When needed, amoxicillin-clavulanate and doxycycline are recommended as first-line antibiotics, typically given for 5 to 7 days in adults, Dr. Mejicano said. But try not to limit therapy to antibiotics. “Bacterial sinusitis is really an abscess in your head, and so what you should think about is not only treating the infection but also draining the abscess. That means opening up [the] ostium,” said Dr. Mejicano.

CAP

Older patients are at the highest risk of CAP, which is “a very big problem, and we need to be better at treating it,” Dr. Mejicano said. IDSA guidelines issued in 2007 (which are scheduled to be updated) note that radiography or other imaging is required for a CAP diagnosis, although a sputum sample and other routine diagnostic tests to identify an etiologic diagnosis are optional.

“I don't know the best time to get an X-ray relative to symptom onset. However, if you're going to say they have pneumonia, you really should get a film,” Dr. Mejicano said, although he does not recommend routine follow-up imaging. He added that most of the time in the outpatient setting, not a lot of tests are needed.

Although Streptococcus pneumoniae is the No. 1 cause of CAP in the U.S., this changes in the summer months, when atypical Mycoplasma pneumoniae becomes the more common cause, Dr. Mejicano said. “So if you have a patient with CAP in August, it's actually more likely Mycoplasma and not pneumococcus, so just keep that in mind,” he said.

In 98% of decisions on CAP management, the initial assessment of severity drives treatment, Dr. Mejicano added. “It's both science and art,” he said, as initial assessments should be based on a severity-of-illness score (e.g., CURB-65) and clinical judgment by the physician (e.g., determining ability to take oral medications). The CURB-65 factors in confusion, uremia, respirations, blood pressure, and age to calculate mortality risk and recommend a site of care. Scores of 0 and 1 correspond to outpatient treatment, a score of 2 means treatment in an inpatient ward, and scores from 3 to 5 necessitate ICU care.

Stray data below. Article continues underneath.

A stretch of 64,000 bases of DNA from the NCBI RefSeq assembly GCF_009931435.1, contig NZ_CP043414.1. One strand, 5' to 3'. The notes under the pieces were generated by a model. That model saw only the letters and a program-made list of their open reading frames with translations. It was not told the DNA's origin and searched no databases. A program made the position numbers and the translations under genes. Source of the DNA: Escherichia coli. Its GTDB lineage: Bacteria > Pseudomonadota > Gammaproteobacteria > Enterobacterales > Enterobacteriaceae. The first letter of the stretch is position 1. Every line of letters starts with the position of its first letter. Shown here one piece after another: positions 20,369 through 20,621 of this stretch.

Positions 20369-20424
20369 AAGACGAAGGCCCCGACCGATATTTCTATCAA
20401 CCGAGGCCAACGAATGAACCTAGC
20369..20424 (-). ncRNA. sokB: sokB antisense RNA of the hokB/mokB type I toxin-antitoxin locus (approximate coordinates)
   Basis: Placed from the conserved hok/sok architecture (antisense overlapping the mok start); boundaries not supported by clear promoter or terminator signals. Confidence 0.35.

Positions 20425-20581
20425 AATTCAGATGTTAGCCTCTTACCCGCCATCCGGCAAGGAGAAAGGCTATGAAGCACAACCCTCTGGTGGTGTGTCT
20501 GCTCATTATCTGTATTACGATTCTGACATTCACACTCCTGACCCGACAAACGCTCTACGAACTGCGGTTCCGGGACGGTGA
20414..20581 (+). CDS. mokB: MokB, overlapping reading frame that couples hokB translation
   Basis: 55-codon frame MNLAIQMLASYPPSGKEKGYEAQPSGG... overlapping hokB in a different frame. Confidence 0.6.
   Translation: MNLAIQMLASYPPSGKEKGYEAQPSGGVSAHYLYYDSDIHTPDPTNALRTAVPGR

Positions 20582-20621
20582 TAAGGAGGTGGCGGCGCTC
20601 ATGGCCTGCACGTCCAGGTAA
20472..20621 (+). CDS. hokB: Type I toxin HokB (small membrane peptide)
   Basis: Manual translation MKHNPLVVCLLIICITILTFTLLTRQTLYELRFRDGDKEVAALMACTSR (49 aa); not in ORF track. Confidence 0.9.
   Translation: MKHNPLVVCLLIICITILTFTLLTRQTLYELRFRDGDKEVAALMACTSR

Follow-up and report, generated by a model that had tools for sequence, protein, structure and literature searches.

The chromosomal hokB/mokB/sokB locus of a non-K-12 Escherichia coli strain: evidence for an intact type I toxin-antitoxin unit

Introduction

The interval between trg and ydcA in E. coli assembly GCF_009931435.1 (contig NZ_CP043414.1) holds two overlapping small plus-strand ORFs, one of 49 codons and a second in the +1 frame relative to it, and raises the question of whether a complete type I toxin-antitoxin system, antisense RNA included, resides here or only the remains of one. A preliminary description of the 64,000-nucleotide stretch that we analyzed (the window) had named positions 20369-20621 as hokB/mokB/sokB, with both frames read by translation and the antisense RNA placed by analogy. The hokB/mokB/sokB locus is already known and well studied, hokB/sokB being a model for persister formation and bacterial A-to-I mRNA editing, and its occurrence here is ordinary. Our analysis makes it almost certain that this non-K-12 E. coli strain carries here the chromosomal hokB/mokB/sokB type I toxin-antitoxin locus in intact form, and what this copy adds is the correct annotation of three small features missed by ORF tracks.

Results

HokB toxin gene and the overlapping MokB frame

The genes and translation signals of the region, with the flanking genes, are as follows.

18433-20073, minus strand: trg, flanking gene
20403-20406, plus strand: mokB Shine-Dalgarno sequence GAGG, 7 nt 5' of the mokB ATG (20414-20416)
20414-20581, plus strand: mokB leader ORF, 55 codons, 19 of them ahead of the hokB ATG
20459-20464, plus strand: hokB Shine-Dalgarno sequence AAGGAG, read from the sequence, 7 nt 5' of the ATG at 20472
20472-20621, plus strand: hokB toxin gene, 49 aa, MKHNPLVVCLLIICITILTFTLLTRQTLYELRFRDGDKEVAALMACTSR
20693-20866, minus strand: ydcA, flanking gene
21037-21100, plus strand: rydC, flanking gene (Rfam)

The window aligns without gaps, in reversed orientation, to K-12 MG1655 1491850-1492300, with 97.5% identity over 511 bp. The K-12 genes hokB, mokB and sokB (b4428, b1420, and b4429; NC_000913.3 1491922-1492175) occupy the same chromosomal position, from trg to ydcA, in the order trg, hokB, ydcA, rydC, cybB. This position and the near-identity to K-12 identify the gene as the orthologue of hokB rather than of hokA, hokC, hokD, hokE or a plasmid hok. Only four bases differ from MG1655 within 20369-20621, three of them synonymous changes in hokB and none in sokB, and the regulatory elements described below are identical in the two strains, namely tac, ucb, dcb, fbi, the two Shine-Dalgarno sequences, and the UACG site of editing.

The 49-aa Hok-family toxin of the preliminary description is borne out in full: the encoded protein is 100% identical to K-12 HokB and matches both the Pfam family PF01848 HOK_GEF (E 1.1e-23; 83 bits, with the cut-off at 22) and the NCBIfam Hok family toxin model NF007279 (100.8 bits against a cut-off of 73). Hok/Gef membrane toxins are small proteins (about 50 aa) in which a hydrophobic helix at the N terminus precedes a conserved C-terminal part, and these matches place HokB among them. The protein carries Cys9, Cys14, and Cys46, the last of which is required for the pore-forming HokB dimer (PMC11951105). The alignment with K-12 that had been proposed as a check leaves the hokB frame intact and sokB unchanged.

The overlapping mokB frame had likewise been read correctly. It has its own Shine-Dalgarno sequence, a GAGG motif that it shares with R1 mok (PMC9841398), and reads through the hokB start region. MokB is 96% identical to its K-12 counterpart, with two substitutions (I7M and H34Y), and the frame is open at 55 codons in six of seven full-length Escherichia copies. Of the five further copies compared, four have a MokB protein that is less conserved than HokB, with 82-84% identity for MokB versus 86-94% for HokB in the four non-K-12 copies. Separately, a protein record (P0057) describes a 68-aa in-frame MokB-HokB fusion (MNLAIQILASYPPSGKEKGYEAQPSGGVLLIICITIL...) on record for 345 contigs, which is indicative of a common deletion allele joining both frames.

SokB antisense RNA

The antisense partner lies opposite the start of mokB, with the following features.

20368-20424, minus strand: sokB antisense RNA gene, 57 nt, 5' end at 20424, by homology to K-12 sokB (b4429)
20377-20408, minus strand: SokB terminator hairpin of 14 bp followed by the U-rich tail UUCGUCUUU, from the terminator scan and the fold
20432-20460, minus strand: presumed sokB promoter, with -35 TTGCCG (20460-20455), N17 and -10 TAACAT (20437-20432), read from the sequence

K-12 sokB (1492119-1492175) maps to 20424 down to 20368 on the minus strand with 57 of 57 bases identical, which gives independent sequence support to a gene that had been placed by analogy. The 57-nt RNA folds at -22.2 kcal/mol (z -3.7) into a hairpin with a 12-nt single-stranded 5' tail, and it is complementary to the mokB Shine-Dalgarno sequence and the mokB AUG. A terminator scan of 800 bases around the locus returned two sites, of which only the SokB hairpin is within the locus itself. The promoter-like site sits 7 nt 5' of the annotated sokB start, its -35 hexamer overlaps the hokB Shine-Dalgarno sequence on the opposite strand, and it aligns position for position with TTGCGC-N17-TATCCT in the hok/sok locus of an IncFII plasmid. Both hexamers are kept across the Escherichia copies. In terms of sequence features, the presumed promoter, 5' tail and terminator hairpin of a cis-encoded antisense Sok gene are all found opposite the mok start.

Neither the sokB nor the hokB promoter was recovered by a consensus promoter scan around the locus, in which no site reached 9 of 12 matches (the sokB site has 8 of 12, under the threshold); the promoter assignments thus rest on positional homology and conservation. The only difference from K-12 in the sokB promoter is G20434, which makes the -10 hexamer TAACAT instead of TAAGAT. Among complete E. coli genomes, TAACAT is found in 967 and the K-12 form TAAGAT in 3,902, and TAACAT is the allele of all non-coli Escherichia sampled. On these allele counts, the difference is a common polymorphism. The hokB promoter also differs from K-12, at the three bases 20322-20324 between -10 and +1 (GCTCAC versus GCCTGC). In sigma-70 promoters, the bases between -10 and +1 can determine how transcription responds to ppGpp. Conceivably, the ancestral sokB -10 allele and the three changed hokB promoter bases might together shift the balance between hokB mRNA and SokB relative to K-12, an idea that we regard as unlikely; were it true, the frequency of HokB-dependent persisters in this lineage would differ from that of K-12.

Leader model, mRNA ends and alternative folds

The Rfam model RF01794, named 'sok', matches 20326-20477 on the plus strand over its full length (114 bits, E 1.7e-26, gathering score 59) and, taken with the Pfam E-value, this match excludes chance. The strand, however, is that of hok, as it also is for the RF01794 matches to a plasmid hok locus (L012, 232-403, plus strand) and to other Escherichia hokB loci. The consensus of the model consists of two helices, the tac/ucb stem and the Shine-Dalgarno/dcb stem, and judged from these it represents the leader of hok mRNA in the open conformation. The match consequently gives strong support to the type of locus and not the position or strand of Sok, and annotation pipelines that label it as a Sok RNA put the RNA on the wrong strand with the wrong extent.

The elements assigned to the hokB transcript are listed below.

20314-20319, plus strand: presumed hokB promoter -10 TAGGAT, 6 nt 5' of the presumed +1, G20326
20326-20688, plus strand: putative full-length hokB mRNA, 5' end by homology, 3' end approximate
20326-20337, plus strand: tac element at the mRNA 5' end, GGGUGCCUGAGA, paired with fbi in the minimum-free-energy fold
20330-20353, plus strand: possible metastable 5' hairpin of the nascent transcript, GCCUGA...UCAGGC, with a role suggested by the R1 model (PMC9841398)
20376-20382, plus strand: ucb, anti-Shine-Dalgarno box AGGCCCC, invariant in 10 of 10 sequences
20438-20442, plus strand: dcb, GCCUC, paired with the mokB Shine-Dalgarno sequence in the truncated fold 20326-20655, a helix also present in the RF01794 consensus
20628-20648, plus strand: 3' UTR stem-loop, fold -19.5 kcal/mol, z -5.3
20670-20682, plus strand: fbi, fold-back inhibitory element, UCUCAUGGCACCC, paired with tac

IDSA guidelines on drug choice and duration suggest using a macrolide (erythromycin, azithromycin, or clarithromycin) or doxycycline, based on strong and weak levels of evidence, respectively. For patients with chronic lung, heart, liver, or renal disease; alcoholism; no spleen; malignancies; immunosuppression; or use of antibiotics within the past 3 months, guidelines strongly recommend respiratory fluoroquinolone or beta-lactam plus a macrolide.

Dr. Mejicano said his personal and guideline-based recommendations are doxycycline in outpatients with mild CAP; azithromycin and high-dose amoxicillin in outpatients with moderate CAP who have recently taken antibiotics; and azithromycin and cefuroxime in outpatients with moderate CAP and comorbidities. For ward inpatients with moderate CAP, he recommends IV ceftriaxone and IV azithromycin before starting oral cefuroxime and oral azithromycin. For ICU patients with severe CAP, he suggests cefepime and ciprofloxacin.

The minimum duration of treatment for CAP is 5 days, and there should be no fevers for 2 to 3 days, Dr. Mejicano said. “You want to make sure ... they're well enough to adhere to [the treatment regimen],” he said.